If an oil/water separator is to be used for treatment, it should be located offline from the primary conveyance/detention system. The contributing drainage
area should be completely impervious and as small as necessary to contain the
sources of oil. Under no circumstances should any portion of the contributing
drainage area contain disturbed pervious areas that can be sources of sediment.


Drainage area 1 ac.

Minimum bedrock depth 8 ft
NRCS soil type A, B, C
Drainage/flood control no

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September 2005

Max slope 15%

Minimum water table 8 ft
Freeze/thaw fair



Sediment 15%
Phosphorus 5%
Trace metals


The following design parameters apply to all three separator types:

Separators should precede all other stormwater treatment.
Appropriate removal covers should be provided that allow access for
observation and maintenance.
Stormwater from building rooftops and other impervious surfaces are not
likely to be contaminated by oil and should not be discharged to the
Any pump mechanism should be installed downstream of the separator to
prevent oil emulsification.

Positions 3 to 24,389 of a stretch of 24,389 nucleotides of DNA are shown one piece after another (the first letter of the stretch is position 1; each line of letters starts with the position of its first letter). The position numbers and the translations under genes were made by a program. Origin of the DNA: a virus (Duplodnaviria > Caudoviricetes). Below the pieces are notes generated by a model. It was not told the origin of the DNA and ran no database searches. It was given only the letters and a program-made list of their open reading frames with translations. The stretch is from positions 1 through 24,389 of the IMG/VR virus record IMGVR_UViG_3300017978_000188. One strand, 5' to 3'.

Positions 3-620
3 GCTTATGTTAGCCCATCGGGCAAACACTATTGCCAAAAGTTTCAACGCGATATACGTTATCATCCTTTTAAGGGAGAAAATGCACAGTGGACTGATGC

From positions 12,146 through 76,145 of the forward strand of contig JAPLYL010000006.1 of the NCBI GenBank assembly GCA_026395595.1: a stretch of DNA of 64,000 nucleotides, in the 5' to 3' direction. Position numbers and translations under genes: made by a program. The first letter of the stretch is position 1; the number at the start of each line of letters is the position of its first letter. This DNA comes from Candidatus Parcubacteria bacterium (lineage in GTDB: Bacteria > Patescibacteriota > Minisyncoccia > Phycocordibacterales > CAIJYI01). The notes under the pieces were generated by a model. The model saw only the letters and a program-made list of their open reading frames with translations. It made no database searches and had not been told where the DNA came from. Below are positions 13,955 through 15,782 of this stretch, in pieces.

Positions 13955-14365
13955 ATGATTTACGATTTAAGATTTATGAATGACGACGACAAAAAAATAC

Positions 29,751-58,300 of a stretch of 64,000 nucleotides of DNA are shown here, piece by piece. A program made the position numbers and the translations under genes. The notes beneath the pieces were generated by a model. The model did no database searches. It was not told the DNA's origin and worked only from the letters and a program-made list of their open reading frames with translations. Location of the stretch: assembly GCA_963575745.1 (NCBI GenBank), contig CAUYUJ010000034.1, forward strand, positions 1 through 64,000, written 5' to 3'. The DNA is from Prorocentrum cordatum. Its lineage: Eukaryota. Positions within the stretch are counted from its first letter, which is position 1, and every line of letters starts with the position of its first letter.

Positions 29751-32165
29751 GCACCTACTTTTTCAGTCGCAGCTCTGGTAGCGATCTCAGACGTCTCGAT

Additional requirements for API and CPS separators:
Separators should be sized for the water quality design storm (one-third of
2-year event). Larger storms should not be allowed to enter the separator;
the use of an isolation/diversion structure is recommended.
Separators should have a forebay to collect floatables and the larger
settleable solids. Its surface area should not be less than 20 square feet per
10,000 square feet of the area draining to the separator.
The following are additional requirements for CPS separators:
Plates should not be less than 3/4 inch apart.
The angle of the plates should be from 45 to 60 degrees from the
Absorbent pillows may be used in separators. For API and CPS-type
separators they should be placed in an afterbay. With the SC separator,
absorbent materials should be placed in the manhole/vault. Used
absorbent pillows will need to be properly disposed of.